The tree planting ceremony with Mayor Penny Taylor and acting CEO Cliff Frewing. Image – Anneke de Boer.
  • The City of Subiaco has been certified as a carbon neutral locality
  • This was celebrated today with a tree planting
  • The certification was achieved by minimising, eliminating and offsetting emissions

Today, the Mayor of Subiaco Penny Taylor along with acting CEO Cliff Frewing planted a tree in celebration of becoming Western Australia’s first certified carbon neutral local government.

The accreditation is a part of the Commonwealth’s Climate Active program.

The commemoration included the unveiling of new artwork on one of the City’s electric vehicles.

Mayor Taylor said the achievement would not bring a noticeable change for the community because it is something the city has been working towards for some time.

The Mayor emphasised at the tree planting ceremony that the City has always considered sustainability and emission reduction in its goals.

Mayor Penny Taylor announcing the new carbon neutral status. Image – Anneke de Boer

Introducing solar panels and energy-efficient systems, increasing efficiency in water use and waste reduction are some of the steps taken by the City of Subiaco.

“The certification is… an achievement over a number of years worth of work. Those in the community who have championed the city being leaders in the climate change space, I’m sure will be equally as proud as I am about this certification occurring.” 

Penny Taylor, Subiaco Mayor

The commemoration included unveiling the artwork on the electric vehicle. Image – Anneke de Boer

What does it mean to be certified ‘Carbon Neutral’?

The carbon neutral certification is not only available to precincts and cities but can also be awarded to organisations, products, services, events and buildings.

For an entity to be certified it must meet the requirements of the Climate Active Carbon Neutral Standard. This boils down to the total output of emissions being countered by purchasable offsets. The total operations of the entity must be net-zero in order to be classified.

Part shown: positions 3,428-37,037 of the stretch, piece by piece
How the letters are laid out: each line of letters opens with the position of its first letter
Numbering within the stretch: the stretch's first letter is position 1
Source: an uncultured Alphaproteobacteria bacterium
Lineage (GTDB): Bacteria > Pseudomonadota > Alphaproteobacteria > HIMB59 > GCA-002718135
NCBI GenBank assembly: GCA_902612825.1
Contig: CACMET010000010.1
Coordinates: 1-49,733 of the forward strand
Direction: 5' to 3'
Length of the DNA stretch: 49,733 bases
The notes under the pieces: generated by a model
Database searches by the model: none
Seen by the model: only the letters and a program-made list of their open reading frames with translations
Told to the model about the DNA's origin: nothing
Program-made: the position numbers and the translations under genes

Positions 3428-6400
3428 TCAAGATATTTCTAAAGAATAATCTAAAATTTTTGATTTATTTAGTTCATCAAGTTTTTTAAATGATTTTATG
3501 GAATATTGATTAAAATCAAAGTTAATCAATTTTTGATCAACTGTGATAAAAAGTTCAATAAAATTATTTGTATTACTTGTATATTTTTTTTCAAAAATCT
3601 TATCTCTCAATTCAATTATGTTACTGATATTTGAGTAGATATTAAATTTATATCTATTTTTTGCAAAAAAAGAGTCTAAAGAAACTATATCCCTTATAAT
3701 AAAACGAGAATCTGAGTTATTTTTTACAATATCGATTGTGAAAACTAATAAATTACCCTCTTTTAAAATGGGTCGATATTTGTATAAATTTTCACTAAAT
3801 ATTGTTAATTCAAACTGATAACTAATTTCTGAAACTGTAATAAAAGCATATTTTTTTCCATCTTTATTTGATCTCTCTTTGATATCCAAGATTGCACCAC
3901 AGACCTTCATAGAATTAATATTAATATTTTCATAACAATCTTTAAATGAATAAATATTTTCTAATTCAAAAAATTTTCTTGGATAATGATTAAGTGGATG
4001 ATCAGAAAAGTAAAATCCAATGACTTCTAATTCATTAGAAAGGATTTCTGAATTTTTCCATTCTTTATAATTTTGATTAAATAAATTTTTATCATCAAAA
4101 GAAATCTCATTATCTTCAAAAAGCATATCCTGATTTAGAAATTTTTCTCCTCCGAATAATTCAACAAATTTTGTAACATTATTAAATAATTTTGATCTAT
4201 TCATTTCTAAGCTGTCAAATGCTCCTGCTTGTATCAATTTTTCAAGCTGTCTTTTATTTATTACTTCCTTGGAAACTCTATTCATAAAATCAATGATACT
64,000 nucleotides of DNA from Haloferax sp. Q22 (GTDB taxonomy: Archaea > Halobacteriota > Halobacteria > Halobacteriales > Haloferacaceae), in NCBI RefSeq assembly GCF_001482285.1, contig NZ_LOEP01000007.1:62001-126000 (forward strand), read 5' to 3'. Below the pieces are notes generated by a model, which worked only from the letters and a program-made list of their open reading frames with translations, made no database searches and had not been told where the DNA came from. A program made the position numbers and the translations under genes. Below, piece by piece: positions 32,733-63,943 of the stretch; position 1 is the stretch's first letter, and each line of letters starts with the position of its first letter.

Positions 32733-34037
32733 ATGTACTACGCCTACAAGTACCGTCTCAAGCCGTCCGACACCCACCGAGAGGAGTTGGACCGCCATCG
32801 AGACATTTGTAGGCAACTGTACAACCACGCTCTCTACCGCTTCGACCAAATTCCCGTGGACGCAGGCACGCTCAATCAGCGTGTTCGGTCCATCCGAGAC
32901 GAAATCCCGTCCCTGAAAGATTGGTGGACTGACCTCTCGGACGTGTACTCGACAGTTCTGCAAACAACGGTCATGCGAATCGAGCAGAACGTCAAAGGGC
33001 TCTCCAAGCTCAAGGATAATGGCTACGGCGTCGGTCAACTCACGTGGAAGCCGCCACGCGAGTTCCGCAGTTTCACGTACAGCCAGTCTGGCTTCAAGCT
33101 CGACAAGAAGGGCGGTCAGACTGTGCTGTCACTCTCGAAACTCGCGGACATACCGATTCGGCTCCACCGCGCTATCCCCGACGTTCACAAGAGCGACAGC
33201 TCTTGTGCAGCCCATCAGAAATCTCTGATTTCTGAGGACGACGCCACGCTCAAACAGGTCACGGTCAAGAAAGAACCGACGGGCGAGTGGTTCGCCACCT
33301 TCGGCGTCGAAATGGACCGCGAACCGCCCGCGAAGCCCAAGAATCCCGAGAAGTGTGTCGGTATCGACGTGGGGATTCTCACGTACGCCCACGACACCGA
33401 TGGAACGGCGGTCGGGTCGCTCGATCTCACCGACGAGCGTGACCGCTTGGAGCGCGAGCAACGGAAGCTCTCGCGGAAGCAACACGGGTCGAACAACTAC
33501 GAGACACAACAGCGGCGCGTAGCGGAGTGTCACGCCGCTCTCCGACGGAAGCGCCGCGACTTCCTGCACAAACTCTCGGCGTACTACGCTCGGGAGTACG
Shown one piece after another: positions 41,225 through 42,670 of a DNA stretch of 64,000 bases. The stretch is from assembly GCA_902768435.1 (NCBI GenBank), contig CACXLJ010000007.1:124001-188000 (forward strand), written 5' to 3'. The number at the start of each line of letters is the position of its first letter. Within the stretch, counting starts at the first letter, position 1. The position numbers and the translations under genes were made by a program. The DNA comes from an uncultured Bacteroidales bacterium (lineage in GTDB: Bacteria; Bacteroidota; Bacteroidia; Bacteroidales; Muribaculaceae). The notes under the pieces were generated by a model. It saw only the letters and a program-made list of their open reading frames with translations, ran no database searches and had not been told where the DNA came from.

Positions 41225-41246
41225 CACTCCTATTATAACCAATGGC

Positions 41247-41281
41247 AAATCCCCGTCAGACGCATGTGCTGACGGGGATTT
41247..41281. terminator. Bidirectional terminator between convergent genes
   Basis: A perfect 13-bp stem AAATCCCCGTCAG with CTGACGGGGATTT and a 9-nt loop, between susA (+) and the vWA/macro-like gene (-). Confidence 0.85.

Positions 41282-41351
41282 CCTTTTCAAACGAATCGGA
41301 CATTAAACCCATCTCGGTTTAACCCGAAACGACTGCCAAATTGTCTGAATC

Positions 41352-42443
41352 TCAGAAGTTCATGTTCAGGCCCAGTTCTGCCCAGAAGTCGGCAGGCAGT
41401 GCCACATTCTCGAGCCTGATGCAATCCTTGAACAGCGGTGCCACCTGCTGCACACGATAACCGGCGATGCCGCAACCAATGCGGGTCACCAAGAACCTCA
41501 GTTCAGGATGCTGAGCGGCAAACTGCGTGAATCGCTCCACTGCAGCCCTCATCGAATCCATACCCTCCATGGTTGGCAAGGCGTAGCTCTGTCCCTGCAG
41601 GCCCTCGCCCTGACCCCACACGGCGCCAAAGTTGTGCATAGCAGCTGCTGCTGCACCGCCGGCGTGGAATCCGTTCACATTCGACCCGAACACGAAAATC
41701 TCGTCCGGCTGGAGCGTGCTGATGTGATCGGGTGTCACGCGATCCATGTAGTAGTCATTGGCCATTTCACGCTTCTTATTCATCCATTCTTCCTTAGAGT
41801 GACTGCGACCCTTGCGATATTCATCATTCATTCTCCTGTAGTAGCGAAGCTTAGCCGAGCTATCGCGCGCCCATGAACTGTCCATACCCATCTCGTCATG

Mayor Taylor explained that this includes minimising, eliminating and offsetting emissions.

Offsets can come in many forms. For the City of Subiaco, this meant investing in the following projects:

  • The Yarra Yarra Biodiversity Corridor, Western Australia. This is a native reforestation project in a 200km corridor in the northern Wheatbelt of Southwest Australia.
  • Aboriginal Savanna Burning, Tiwi Islands, Northern Territory.  The project focuses on carbon farming and fire management aiming to prevent destructive bushfires and keep the land healthy.
  • Wind power based electricity generation, India.  This is a renewable electricity project that harnesses wind power and feeds it into the local grid aiming to help alleviate poverty and improve infrastructure.
The tree planting ceremony. Image – Anneke de Boer

While the certification is a promising step towards combating climate change, it is certainly not ‘job done’. There is a risk of organisations avoiding real climate action and instead, buying enough offsets to get the Climate Active trade mark accreditation.

The City of Subiaco says it is committed to targets in pursuit of reducing greenhouse gas emissions from its operations. By 2025, the city aims to have 100% renewable energy, to reduce energy consumption by 20%.

By 2030, the City aims to have reduced operational greenhouse gas emissions by 45%.

Mayor Taylor believes many local governments in the state will soon join the ranks of the Carbon Neutral localities.

“There are definitely other local governments who have made this a priority. We may have had to get there first but it’s not a race it’s a collaboration,” she said.

“Getting the accreditation is the tick at the end, what’s really important is taking carbon out of the atmosphere, that’s what it’s all about.”

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